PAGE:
BLACKSTONE – When Nancie Gaucher first started out as a delivery driver at Richco in Smithfield, she said, there weren’t many women in the auto parts industry.
Now, 42 years later, that’s just one of the things that’s changed.
“It probably used to be a surprise,” she said. “It’s not a surprise anymore.”
Gaucher, the manager of Advance Auto Parts on Social Street in Blackstone, retired last week after more than four decades in the industry. A Warwick native, she said she stumbled into the industry when her daughter was a 1st-grader, bringing with her no automotive background but a strong willingness to learn.
“That’s when auto parts was fun,” she said. “There were a lot of little stores.”
At the time, the industry was made up mostly of small chains and independently owned stores. Over time, those chains gave way to larger and larger companies, with the Smithfield location changing names several times before it became a Carquest.
In 2001, the company moved her to its Woonsocket store, which was then located in the former car barn on the corner of Social Street and Diamond Hill Road.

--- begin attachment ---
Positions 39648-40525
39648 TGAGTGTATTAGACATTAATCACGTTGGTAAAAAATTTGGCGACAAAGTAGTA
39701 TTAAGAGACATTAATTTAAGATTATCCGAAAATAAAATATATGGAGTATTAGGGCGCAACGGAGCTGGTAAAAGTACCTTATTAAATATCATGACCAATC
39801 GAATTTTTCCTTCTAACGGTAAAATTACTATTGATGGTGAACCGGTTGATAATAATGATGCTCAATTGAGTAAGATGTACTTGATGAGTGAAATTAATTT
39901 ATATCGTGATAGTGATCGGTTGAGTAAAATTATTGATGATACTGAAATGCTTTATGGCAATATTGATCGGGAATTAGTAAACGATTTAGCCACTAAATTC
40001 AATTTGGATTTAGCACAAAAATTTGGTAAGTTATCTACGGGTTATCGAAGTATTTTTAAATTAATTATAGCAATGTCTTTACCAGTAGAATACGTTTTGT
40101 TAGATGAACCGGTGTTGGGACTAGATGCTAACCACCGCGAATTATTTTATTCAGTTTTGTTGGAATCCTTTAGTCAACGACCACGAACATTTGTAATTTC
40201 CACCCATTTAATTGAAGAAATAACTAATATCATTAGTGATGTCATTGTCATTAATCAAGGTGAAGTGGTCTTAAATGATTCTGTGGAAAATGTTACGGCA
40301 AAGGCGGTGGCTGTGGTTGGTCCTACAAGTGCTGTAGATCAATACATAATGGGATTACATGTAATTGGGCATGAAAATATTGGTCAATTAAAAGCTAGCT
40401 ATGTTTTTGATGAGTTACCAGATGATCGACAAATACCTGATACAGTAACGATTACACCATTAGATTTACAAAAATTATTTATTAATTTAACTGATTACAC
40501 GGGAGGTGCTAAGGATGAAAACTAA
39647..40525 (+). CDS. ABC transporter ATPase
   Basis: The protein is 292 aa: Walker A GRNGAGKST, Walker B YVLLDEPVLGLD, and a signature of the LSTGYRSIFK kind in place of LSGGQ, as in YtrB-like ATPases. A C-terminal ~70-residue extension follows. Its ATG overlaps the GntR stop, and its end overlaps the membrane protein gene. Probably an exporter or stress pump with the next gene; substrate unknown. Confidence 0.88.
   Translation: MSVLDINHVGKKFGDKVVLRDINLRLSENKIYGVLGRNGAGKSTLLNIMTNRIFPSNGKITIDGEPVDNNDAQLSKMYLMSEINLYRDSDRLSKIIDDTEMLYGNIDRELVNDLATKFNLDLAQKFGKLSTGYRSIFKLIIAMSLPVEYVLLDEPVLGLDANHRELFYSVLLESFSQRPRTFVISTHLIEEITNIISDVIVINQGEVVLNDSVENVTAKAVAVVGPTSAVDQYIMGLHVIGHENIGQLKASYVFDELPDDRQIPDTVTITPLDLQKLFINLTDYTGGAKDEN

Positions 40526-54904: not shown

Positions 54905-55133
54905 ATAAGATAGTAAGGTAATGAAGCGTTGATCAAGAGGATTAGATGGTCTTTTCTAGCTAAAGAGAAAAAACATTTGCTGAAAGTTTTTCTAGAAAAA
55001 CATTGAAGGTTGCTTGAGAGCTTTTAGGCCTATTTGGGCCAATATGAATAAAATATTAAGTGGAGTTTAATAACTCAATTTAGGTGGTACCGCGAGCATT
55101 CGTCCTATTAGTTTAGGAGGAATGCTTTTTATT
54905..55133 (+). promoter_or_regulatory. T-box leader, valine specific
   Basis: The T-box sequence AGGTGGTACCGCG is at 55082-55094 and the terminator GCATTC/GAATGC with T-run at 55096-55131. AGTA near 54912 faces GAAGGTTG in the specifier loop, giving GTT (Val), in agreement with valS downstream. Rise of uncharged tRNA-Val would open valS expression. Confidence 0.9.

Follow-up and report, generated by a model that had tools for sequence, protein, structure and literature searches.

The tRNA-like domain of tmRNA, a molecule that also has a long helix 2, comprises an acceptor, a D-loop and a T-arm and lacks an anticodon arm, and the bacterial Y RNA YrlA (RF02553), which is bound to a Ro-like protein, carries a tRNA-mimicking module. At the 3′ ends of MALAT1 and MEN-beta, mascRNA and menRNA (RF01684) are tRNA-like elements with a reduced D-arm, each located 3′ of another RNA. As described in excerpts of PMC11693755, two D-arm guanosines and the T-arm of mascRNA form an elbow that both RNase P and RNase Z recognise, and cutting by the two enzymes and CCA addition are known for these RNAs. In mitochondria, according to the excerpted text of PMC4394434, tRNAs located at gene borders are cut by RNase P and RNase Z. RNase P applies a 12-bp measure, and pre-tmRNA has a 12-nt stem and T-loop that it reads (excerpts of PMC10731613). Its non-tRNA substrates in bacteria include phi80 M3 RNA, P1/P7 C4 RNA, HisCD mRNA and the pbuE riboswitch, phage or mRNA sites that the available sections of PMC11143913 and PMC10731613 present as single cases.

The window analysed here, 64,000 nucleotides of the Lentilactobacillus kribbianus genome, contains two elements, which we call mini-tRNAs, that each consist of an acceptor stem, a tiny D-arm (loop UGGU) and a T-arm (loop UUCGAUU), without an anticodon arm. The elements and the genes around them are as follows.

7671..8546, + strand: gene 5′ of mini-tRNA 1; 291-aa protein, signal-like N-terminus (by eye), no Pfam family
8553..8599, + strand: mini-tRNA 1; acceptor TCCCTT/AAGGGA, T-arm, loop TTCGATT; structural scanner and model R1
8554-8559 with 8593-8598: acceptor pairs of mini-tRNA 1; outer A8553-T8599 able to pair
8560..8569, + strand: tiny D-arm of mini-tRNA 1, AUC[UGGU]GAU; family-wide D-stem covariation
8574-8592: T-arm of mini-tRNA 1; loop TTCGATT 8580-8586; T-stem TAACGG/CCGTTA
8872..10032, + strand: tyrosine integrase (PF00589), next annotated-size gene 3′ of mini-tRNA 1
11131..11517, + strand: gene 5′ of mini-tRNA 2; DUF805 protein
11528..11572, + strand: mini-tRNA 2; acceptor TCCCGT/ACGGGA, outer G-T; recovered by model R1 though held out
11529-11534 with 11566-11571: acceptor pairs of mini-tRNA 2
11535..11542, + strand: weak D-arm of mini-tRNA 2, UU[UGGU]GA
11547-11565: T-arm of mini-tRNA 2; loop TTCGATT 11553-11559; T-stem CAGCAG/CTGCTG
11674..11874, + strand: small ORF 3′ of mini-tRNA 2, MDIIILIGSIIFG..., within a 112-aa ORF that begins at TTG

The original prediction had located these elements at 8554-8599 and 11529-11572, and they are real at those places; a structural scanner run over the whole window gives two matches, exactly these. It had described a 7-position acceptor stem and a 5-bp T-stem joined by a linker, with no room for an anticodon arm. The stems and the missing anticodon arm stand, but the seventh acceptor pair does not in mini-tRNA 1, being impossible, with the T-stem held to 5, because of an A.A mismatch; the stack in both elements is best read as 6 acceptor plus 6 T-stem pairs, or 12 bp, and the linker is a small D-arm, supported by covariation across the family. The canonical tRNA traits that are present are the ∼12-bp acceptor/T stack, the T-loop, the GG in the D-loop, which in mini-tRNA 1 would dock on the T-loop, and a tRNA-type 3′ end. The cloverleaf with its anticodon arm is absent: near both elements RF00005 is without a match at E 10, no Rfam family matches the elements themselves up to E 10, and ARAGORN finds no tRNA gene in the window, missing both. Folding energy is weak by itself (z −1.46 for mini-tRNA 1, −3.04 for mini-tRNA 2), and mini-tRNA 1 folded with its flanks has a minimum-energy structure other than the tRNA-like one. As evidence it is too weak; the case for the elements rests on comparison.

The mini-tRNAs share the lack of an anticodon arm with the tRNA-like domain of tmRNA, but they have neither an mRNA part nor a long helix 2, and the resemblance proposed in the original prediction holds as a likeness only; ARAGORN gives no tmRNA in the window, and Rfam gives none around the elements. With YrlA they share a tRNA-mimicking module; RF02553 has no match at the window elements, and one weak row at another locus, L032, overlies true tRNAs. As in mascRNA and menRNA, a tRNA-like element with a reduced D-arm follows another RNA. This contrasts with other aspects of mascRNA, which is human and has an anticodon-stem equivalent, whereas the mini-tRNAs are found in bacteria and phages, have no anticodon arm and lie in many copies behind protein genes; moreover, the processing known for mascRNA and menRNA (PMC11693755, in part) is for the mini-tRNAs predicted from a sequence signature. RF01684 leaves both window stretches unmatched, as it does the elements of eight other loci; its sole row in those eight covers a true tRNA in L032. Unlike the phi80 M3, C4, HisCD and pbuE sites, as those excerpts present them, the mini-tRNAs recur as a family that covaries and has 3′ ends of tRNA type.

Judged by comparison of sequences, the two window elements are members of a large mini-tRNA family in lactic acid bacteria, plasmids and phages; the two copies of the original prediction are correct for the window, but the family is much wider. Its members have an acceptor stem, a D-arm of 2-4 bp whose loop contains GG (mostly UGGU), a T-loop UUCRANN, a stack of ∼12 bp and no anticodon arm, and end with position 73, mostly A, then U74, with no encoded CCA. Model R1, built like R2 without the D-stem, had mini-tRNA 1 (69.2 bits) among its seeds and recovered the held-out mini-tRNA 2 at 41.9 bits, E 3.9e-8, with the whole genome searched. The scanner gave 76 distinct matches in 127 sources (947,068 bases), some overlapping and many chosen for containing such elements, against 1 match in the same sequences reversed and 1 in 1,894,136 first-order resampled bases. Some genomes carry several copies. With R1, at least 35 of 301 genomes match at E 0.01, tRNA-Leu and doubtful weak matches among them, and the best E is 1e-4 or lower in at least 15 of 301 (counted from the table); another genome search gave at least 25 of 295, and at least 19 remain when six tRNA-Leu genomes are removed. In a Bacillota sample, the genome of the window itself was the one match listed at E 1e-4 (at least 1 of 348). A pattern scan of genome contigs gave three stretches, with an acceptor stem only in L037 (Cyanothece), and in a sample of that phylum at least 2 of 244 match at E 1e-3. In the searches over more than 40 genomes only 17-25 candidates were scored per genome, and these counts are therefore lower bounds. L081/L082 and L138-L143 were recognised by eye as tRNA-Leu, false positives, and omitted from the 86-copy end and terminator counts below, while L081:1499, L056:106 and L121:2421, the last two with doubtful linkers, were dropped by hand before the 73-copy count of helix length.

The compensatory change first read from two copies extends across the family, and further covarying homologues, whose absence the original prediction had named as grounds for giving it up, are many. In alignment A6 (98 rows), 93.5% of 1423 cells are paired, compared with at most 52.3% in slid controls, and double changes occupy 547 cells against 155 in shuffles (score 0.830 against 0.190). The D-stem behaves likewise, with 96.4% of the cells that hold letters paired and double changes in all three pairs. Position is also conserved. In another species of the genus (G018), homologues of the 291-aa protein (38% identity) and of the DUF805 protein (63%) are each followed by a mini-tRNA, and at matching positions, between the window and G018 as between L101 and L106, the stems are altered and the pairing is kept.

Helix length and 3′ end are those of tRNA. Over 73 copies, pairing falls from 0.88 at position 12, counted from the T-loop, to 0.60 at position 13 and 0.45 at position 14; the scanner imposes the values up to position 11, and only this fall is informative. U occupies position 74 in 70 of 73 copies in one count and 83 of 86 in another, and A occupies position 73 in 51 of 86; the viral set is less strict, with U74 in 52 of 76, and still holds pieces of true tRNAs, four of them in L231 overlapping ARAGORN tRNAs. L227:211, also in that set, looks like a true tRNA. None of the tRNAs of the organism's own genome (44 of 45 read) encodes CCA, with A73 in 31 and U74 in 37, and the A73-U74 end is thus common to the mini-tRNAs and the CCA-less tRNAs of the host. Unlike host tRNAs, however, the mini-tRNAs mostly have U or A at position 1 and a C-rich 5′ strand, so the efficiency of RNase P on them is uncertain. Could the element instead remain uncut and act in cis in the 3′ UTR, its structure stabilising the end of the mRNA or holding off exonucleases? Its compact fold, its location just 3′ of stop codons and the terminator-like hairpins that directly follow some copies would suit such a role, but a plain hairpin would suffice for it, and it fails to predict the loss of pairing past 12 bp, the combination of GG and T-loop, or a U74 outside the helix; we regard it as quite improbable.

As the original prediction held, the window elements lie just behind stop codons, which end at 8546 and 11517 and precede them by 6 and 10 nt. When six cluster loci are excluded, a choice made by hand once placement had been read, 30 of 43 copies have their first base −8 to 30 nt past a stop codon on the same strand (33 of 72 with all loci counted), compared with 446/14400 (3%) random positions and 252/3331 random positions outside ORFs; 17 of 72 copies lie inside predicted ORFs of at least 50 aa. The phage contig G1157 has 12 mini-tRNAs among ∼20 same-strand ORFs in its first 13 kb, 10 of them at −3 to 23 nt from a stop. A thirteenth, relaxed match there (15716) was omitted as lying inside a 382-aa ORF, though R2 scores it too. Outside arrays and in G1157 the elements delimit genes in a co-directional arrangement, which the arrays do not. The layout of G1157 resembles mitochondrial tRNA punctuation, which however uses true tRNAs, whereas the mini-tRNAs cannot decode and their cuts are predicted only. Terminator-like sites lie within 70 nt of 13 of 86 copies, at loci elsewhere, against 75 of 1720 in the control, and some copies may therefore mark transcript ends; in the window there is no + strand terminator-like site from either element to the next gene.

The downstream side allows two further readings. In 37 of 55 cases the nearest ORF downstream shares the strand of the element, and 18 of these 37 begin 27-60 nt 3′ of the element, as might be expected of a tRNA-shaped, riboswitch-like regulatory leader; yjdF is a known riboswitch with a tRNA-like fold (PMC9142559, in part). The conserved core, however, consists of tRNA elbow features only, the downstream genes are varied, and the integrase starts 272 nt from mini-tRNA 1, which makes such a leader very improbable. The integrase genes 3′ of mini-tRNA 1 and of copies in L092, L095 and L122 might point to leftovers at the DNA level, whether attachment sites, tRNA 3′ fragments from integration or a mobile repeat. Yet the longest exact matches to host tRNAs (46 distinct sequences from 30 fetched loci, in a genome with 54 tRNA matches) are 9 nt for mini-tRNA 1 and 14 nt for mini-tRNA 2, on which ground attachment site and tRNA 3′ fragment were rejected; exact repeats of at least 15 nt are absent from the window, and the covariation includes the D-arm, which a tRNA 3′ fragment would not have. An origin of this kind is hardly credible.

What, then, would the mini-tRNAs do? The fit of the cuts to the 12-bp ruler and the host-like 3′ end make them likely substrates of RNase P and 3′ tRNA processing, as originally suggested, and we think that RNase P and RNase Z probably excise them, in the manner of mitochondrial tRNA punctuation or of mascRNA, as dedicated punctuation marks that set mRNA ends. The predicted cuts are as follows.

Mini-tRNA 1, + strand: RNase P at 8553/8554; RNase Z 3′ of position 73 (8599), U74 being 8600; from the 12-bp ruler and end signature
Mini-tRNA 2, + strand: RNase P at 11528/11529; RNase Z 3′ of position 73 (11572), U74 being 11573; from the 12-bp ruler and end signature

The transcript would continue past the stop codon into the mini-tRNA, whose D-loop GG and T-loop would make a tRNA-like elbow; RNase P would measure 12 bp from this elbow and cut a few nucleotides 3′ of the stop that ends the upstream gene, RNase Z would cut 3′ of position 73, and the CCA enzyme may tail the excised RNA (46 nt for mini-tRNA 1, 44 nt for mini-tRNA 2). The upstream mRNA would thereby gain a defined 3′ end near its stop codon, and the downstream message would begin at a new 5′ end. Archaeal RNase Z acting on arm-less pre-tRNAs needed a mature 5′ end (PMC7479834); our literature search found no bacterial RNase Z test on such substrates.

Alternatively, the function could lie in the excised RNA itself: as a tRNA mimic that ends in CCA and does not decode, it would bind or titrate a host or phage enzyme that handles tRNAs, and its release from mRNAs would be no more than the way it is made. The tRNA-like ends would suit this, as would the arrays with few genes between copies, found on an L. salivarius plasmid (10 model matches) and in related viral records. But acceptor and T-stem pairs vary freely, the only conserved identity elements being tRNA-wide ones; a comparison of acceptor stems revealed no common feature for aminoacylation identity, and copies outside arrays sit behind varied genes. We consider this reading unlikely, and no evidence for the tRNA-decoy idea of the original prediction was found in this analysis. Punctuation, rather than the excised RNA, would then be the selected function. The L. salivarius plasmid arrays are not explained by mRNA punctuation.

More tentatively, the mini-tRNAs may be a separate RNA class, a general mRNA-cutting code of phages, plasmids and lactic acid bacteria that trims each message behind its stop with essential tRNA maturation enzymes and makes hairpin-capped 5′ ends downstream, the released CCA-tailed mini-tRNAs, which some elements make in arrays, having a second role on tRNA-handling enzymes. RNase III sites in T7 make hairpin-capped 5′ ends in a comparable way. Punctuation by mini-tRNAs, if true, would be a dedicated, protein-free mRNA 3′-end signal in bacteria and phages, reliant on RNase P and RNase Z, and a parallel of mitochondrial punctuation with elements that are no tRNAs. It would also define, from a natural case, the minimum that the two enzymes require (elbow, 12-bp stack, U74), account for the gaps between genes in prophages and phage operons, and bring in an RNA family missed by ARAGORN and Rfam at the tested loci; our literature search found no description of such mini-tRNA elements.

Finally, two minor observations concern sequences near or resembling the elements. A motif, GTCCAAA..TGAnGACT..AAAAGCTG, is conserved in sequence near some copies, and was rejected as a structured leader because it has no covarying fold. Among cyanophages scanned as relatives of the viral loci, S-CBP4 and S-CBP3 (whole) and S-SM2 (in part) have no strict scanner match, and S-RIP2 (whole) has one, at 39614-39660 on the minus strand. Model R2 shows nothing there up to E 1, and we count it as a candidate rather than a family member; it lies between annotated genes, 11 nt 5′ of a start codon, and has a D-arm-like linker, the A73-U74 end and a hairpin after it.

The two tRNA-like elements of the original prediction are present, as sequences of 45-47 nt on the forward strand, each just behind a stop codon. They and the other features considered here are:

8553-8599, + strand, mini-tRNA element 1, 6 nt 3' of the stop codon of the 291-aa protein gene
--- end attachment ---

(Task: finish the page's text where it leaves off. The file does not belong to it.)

“I had never been to Woonsocket in my life,” she said.
Through all the merges, said Gaucher, it was rare to find another woman in the company. Mostly she worked alongside men, directing them as manager of the Smithfield and Woonsocket locations. Though one or two men gave her a hard time, she said, most of them were supportive, eager to pass along their automotive knowledge.
When Carquest moved up the street to Blackstone in 2008, she took that knowledge with her, earning a reputation as the head of one of the largest commercial stores around. Even today, when it’s been an Advance Auto Parts for the past seven years, many of the mechanics and regulars in the industry know it simply as “Nancie’s store.”
“Everybody knows me. You don’t think of it that way though,” she said.
Her reputation spread within the company, too, even reaching the ears of a female vice president who approached her at a company event.
“She said, ‘I just wanted to let you know if it wasn’t for women like you, I wouldn’t be in the position that I’m in,’” Gaucher said.
“It was so nice, it made me cry,” she added.
At age 67, and with her husband also set to retire in May, Gaucher said she’s confident she’s leaving the store in good hands. Eddie Rainey of Coventry will be taking over management of the Blackstone location. Meanwhile, at her home in Burrillville, Gaucher said she’s looking forward to sleeping in and enjoying her morning coffee.
“I’m going to have a vegetable garden for the first time in my life. I am so excited,” she said.